On Tuesday October 9, 2001 Western Watersheds Project filed a lawsuit in Idaho Fourth District Court in Boise against the Idaho Board of Land Commissioners. The lawsuit charges the Land Board violated the Idaho Constitution in refusing to act favorably on WWP's application for a change in use of a 680 acre expired grazing lease in Owyhee County, Idaho at Sam Noble Springs in the headwaters of Rock Creek.
WWP had applied to the Idaho Department of Lands (DOL) in November 1999 to reclassify the lease from grazing to a miscellaneous lease for sensitive species habitat conservation. The species at issue is the Columbia Spotted Frog, a candidate species for listing under the Endangered Species Act. The Sam Noble Springs is one of the largest known hibernacula of this species whose habitat and migration routes has been shown to be at risk because of livestock grazing which destroys riparian corridors essential to the survival of the species and destroys water quality among other negative impacts. The DOL denied the application in December 1999, and WWP appealed that decision to the Land Board which took 22 months to schedule a hearing. WWP offered to pay twice the annual lease fee charged rancher Chris Black for ten years and to pay for fencing to separate the leasehold from adjacent private lands.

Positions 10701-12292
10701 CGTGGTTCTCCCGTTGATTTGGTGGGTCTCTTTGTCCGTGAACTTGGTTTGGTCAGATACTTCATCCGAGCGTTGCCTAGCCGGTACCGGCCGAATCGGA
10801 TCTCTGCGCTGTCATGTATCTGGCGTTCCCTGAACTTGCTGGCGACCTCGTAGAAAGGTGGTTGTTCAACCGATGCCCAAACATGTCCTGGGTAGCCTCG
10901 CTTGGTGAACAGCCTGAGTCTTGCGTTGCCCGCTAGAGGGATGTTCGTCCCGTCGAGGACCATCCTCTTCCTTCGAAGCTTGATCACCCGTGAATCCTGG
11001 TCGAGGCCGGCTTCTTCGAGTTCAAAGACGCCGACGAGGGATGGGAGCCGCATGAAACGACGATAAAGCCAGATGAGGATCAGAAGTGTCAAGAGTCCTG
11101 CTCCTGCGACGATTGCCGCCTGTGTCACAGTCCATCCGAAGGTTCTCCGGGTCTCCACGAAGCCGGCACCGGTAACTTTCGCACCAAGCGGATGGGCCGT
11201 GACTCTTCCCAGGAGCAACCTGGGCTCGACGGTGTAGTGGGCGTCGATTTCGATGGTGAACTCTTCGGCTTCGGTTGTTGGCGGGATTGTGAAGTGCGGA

In failing to consider the "maximum long-term financial return" to the school children of Idaho or to act to "carefully preserve" the land as required by the Idaho Constitution, the Land Board has violated the law.
WWP has yet to lose a lawsuit brought against the Idaho Land Board with a current decision record at the Idaho Supreme Court of 4-0; all decisions in WWP's favor were unanimous. WWP is, once again, ably represented by attorney Laird Lucas of Boise, Idaho.
LOOK AT the text of the petition (.doc) filed on Sam Noble Springs.